Researchers from RMIT University in Melbourne have helped crack the code to ultra-secure telecommunications of the future in an international research project that could also expedite the advent of quantum computing.
A team co-led by RMIT MicroNano Research Facility Director Professor David Moss has added a new twist to create photon pairs that fit on a tiny computer chip.
The breakthrough, published in Nature Communications, heralds the next-generation of integrated quantum optical technology, being compatible with current technology and secure communications.
The team pioneered a new approach based on a micro-ring resonator - a tiny optical cavity - in which energy conservation constraints can be exploited to suppress classical effects while amplifying quantum processes.
They used laser beams at different wavelengths and then had to overcome the risk of the two pump beams being able to destroy the photons' fragile quantum state.
"One of the properties of light exploited within quantum optics is 'photon polarization', which is essentially the direction in which the electric field associated with the photon oscillates,'' Moss said.
"Processes used to generate single photons or photon pairs on a chip allow the generation of photons with the same polarization as the laser beam, forcing us to find a way to directly mix, or cross-polarize, the photons via a nonlinear optical process on a chip for the first time.''
Moss worked with Professor Roberto Morandotti at the INRS-EMT in Canada and researchers from the University of Sussex and Herriot Watt University, City University of Hong Kong, and the Xi'an Institute in Chin, on the research.
"While a similar suppression of classical effects has been observed in gas vapours and complex micro-structured fibres, this is the first time it has been reported on a chip, opening a route for building scalable integrated devices that exploit the mixing of polarization on a single photon level,'' he said.
"It also has the advantage that the fabrication process of the chip is compatible with that currently used for electronic chips which not only allows the exploitation of the huge global infrastructure of CMOS foundries, but will ultimately offer the potential to integrate electronic devices on the same chip.
"Both of these are fundamental requirements for the ultimate widespread adoption of optical quantum technologies.''
Greg Thom | EurekAlert!
Drones can almost see in the dark
20.09.2017 | Universität Zürich
World first: 'Storing lightning inside thunder'
18.09.2017 | University of Sydney
Whispering gallery mode (WGM) resonators are used to make tiny micro-lasers, sensors, switches, routers and other devices. These tiny structures rely on a...
Using ultrafast flashes of laser and x-ray radiation, scientists at the Max Planck Institute of Quantum Optics (Garching, Germany) took snapshots of the briefest electron motion inside a solid material to date. The electron motion lasted only 750 billionths of the billionth of a second before it fainted, setting a new record of human capability to capture ultrafast processes inside solids!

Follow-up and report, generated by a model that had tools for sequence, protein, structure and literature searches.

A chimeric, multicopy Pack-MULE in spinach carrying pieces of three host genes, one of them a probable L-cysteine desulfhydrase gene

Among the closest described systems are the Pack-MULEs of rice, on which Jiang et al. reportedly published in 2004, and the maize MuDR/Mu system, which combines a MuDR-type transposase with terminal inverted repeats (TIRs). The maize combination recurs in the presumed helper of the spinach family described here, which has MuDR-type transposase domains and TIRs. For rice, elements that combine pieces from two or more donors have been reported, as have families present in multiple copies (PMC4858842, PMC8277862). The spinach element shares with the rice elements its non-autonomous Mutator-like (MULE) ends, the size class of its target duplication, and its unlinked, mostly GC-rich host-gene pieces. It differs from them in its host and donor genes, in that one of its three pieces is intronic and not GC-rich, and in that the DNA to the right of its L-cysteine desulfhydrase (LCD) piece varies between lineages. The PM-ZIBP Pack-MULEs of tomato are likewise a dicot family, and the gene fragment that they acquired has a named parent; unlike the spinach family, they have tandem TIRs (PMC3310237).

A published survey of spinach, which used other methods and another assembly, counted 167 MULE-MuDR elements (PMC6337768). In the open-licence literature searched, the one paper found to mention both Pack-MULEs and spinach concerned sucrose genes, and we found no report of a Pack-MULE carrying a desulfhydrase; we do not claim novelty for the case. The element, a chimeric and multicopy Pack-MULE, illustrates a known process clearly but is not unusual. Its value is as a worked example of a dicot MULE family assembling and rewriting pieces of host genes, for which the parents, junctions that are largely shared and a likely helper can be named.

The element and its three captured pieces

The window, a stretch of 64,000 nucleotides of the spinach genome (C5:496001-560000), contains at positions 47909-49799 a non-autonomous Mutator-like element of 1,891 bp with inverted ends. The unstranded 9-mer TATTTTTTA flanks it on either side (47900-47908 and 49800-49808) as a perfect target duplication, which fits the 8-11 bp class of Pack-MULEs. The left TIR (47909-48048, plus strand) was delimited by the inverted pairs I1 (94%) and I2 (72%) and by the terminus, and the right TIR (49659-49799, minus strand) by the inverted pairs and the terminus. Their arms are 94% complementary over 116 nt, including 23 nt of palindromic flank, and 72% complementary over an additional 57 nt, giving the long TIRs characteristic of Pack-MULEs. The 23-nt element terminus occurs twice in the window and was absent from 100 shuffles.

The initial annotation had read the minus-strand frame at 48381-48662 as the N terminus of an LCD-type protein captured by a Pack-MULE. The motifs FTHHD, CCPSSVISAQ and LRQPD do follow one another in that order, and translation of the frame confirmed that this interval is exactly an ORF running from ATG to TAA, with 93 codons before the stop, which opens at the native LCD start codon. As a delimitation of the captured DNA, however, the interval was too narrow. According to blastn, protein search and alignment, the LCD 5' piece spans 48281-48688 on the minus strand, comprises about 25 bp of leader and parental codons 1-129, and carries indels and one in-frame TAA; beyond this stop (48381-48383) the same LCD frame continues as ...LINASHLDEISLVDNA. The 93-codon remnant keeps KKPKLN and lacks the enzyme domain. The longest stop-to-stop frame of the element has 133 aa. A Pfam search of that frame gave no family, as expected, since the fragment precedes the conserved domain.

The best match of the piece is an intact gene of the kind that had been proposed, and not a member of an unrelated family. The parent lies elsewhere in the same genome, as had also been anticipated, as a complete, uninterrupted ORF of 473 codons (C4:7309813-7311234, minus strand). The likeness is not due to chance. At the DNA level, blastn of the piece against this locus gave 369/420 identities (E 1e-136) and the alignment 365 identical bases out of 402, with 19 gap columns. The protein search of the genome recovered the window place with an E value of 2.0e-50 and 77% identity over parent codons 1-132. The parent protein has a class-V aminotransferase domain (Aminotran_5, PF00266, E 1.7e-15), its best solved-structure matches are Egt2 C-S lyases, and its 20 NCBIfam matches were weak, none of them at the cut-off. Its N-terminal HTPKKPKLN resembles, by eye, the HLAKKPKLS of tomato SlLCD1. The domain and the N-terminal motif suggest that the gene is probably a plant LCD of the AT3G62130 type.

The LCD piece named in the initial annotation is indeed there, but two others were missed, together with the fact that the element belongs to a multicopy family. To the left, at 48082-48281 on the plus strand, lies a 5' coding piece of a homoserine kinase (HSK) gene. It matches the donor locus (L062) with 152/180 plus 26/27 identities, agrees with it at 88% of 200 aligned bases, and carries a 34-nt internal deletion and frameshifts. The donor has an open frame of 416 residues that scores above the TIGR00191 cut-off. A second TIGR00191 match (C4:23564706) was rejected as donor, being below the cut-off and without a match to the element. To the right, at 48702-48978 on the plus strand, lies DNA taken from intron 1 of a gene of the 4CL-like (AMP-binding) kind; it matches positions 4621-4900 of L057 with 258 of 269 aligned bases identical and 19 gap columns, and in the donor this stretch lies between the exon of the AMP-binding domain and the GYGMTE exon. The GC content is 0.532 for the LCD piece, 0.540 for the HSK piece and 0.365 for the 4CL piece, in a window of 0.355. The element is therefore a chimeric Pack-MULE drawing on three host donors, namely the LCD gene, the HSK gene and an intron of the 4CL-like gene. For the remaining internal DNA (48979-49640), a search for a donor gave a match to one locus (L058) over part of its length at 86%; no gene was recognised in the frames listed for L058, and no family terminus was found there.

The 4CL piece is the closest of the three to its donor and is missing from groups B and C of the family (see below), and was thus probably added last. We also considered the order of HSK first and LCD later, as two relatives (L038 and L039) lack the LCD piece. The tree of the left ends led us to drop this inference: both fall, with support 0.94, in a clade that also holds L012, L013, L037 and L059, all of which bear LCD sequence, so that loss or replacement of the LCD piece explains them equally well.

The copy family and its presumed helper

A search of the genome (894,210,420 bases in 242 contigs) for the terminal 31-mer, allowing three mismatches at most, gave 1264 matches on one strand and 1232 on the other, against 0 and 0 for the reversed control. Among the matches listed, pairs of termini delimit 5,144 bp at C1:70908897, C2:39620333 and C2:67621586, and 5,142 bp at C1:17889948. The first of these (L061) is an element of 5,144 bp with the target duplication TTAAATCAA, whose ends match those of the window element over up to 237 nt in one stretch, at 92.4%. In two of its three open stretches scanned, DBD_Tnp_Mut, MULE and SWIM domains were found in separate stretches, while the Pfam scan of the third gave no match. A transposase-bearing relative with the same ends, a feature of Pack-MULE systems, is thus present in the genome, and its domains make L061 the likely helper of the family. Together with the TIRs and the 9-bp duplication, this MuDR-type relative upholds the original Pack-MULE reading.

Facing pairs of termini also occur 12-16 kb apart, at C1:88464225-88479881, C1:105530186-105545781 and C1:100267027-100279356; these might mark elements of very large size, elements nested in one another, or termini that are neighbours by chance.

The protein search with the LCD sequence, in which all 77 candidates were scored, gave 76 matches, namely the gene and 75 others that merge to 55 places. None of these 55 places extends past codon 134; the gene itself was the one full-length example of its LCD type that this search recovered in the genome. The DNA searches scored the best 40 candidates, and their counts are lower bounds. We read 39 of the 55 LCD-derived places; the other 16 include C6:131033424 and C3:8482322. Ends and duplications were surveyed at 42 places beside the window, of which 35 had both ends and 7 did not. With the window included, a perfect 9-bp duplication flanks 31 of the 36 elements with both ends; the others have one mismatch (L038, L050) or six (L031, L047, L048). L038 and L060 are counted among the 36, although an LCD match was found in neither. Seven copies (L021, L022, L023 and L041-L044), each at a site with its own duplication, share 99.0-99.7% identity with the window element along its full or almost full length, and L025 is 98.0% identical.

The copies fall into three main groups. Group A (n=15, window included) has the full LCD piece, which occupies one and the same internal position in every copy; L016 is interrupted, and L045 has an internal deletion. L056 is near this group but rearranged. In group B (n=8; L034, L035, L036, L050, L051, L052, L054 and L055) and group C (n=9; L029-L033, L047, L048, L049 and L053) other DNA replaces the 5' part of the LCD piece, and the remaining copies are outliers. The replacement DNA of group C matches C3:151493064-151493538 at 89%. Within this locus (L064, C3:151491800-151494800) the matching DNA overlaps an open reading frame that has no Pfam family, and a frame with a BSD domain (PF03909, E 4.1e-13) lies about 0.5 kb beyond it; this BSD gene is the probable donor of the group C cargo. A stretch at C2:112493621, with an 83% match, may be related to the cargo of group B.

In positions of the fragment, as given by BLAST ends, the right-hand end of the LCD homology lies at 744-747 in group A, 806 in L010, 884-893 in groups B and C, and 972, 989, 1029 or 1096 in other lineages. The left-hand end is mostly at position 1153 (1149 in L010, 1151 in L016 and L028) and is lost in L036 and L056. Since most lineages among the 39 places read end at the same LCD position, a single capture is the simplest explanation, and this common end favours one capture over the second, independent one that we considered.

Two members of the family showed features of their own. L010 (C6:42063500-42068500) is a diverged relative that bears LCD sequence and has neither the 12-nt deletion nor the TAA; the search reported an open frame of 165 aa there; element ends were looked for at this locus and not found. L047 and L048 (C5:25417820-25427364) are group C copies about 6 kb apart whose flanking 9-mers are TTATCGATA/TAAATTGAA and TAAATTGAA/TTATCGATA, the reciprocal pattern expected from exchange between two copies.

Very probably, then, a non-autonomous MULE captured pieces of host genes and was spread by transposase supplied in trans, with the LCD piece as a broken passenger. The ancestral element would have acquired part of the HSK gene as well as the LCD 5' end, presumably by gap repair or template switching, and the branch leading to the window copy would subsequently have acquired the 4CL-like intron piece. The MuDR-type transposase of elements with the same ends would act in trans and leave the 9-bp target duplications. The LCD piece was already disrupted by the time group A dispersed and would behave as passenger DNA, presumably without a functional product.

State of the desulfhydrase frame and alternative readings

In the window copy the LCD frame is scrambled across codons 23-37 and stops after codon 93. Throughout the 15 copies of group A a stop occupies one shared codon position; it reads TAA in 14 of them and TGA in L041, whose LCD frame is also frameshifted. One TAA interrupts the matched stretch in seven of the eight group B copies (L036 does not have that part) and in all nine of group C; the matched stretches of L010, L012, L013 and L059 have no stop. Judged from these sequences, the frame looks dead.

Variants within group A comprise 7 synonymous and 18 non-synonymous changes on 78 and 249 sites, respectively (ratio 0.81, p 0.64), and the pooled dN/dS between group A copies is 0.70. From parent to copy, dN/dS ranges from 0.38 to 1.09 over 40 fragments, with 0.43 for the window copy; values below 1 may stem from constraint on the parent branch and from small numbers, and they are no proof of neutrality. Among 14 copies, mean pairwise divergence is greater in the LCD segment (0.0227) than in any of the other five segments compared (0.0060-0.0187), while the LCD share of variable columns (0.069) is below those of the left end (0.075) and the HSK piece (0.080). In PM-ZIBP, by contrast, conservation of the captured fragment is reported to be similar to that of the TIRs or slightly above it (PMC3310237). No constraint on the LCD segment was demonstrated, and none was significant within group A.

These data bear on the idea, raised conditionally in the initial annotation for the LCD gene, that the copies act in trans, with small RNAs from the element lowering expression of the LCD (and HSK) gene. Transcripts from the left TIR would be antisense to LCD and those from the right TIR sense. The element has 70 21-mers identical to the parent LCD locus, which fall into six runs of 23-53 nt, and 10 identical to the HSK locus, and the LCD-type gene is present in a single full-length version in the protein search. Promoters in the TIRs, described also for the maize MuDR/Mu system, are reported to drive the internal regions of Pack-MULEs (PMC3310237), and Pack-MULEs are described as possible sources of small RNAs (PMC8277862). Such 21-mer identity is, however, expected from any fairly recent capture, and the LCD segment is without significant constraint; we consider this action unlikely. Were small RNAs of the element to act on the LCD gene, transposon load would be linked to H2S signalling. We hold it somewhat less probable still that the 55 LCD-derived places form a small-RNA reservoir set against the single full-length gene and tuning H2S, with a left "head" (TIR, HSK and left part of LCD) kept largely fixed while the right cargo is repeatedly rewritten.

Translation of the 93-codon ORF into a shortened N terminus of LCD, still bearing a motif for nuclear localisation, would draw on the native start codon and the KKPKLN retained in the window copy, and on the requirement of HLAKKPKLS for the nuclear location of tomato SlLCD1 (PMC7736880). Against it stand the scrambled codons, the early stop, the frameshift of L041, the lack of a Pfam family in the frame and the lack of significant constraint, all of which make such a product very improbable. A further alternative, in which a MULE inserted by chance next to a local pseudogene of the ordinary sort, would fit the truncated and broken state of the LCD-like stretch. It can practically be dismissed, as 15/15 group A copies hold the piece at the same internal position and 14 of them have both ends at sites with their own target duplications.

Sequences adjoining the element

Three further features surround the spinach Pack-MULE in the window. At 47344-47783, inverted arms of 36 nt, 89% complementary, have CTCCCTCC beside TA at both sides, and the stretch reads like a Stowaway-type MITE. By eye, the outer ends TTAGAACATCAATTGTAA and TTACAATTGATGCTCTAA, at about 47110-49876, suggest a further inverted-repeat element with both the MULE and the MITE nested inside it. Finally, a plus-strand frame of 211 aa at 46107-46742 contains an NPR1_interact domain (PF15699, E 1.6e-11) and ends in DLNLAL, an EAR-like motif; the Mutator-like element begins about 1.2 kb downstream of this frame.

When x-rays shine onto solid materials or large molecules, an electron is pushed away from its original place near the nucleus of the atom, leaving a hole...
For the first time, physicists have successfully imaged spiral magnetic ordering in a multiferroic material. These materials are considered highly promising candidates for future data storage media. The researchers were able to prove their findings using unique quantum sensors that were developed at Basel University and that can analyze electromagnetic fields on the nanometer scale. The results – obtained by scientists from the University of Basel’s Department of Physics, the Swiss Nanoscience Institute, the University of Montpellier and several laboratories from University Paris-Saclay – were recently published in the journal Nature.
Multiferroics are materials that simultaneously react to electric and magnetic fields. These two properties are rarely found together, and their combined...
MBM ScienceBridge GmbH successfully negotiated a license agreement between University Medical Center Göttingen (UMG) and the biotech company Tissue Systems Holding GmbH about commercial use of a multi-well tissue plate for automated and reliable tissue engineering & drug testing.
MBM ScienceBridge GmbH successfully negotiated a license agreement between University Medical Center Göttingen (UMG) and the biotech company Tissue Systems...
Pathogenic bacteria are becoming resistant to common antibiotics to an ever increasing degree. One of the most difficult germs is Pseudomonas aeruginosa, a...
19.09.2017 | Event News
12.09.2017 | Event News
06.09.2017 | Event News
20.09.2017 | Life Sciences
20.09.2017 | Power and Electrical Engineering
20.09.2017 | Physics and Astronomy